• Skip the prepackaged Lunchables. Instead, pack a healthier snack for your child that’s fresher, eliminates packaging waste, and saves money.
  • Instead of buying pre-cut and packaged apples or clementine slices in plastic cups, use fresh fruit. Just peel or slice larger fruits to make it easy for small hands to manage.
  • Package snacks in reusable containers to avoid waste. Consider making beeswax wraps and use them to wrap up your child’s snacks instead of single-use plastic bags.

Helping Out the Daycare

As a parent, you won’t have much control over the types of activities your daycare provides. But you can make requests — and donate materials and time to make it easier for them to integrate sustainable activities into their daily routine. Since most daycares are small businesses and independently owned, they’re usually operating with a tight budget and are likely to appreciate free materials and help.

  • Look to your community for free resources. If your daycare needs books or toys, connect with other families in your neighborhood to see if they have unused ones that are still in good condition they’d be willing to donate.
  • Offer to spend a Saturday helping the daycare create a kid-friendly garden or set up a compost bin. If they’re receptive, get together a group of parents to help. Gardening and composting both offer plenty of opportunities for learning about the environment and sustainable practices.
  • Empty milk cartons, cereal boxes, and plastic bottles are all ideal for teaching kids about what can be recycled, but they can also be great materials for art projects. Offer these (clean) materials to your daycare and suggest fun craft projects that upcycle these materials into something new. Even paper bags from your grocery runs and old newspapers might be welcomed for coloring, drawing, and paper maché activities.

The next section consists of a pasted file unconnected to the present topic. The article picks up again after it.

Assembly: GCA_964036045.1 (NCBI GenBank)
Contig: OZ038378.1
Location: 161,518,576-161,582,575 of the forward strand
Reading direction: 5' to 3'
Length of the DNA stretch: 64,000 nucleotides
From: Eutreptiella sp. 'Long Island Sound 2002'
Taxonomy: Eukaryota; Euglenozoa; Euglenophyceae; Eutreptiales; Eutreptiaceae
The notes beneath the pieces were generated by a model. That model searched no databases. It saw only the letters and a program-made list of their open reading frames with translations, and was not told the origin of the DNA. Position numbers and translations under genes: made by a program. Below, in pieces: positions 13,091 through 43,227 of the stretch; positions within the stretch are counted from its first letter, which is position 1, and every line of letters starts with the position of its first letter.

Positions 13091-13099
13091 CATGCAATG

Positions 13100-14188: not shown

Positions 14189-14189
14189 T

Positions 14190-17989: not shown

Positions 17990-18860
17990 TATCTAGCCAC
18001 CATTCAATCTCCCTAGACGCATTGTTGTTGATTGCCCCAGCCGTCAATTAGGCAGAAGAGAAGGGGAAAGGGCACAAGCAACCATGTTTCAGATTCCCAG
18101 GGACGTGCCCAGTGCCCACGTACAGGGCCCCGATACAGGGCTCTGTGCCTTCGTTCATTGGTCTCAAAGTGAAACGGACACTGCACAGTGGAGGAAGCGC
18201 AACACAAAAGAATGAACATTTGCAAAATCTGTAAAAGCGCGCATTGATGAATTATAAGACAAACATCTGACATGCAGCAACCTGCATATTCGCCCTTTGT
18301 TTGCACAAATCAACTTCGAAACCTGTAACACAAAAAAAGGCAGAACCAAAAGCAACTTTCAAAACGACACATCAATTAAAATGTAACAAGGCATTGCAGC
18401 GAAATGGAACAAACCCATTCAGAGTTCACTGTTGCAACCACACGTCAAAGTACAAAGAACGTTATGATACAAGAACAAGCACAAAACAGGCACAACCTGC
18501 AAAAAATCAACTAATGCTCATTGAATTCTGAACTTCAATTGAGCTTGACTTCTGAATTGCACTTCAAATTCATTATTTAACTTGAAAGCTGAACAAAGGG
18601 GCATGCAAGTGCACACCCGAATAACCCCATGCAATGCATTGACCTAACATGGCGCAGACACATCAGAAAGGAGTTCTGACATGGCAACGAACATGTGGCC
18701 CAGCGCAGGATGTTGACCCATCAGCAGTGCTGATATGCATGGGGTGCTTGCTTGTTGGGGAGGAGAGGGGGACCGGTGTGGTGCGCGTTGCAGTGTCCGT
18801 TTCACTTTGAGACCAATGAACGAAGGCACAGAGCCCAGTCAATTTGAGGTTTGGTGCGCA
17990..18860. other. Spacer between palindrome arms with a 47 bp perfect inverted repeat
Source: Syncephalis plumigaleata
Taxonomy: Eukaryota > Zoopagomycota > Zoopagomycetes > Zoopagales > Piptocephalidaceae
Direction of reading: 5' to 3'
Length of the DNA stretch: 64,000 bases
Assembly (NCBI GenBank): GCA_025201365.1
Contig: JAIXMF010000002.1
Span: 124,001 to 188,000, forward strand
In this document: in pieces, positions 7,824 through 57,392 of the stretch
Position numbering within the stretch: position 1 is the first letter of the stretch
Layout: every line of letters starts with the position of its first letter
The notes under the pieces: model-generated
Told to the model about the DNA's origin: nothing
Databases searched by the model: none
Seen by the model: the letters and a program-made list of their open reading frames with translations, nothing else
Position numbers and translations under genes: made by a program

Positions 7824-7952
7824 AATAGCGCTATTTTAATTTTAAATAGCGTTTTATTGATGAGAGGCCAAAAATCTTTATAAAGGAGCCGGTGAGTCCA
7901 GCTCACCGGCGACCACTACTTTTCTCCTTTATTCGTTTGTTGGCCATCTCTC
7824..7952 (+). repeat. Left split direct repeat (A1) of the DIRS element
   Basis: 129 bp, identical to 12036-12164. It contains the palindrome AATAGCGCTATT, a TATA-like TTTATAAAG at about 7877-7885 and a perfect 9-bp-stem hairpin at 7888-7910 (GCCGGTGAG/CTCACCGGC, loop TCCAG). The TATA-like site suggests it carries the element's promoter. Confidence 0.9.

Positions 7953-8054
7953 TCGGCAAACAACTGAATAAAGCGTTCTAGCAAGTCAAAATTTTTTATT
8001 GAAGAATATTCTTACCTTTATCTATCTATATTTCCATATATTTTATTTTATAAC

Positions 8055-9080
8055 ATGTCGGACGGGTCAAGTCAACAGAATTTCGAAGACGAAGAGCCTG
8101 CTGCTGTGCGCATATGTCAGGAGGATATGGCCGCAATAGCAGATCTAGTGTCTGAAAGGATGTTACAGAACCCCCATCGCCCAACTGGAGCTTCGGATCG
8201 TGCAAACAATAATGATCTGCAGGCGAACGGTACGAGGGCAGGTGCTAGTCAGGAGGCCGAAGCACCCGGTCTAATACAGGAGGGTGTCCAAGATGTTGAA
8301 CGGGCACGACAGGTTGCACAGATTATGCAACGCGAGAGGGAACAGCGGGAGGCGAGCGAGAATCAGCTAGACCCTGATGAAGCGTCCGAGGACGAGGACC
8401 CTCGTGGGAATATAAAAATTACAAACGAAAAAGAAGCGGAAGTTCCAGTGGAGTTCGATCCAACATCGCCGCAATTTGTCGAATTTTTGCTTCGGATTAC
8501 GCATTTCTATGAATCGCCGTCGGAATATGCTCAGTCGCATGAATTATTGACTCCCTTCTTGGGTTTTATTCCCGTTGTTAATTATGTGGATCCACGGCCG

The Bottom Line

Even though a daycare’s main job is to look after the children, at the end of the day you’re the one paying the bill. So don’t be afraid to tell them about your sustainability preferences and see if they can help keep those goals while they’re looking after your young one. Sending your child to daycare doesn’t have to negate your hard work teaching your child eco-friendly habits.

Even if you’ve coordinated with your daycare beforehand, be prepared to perhaps get some push back from the daycare staff. If they’re new, they may not understand your intentions and may think you’re involving yourself because you don’t trust them to take care of your child properly. Let them know you do trust their child care expertise and just want to lend a helping hand.

About the Author

Emma is a digital nomad and freelance sustainability writer. When she’s not bouncing from coffee shop to coffee shop, you can find her at your local beach clean-up or hiking to the nearest lookout point.

By Earth911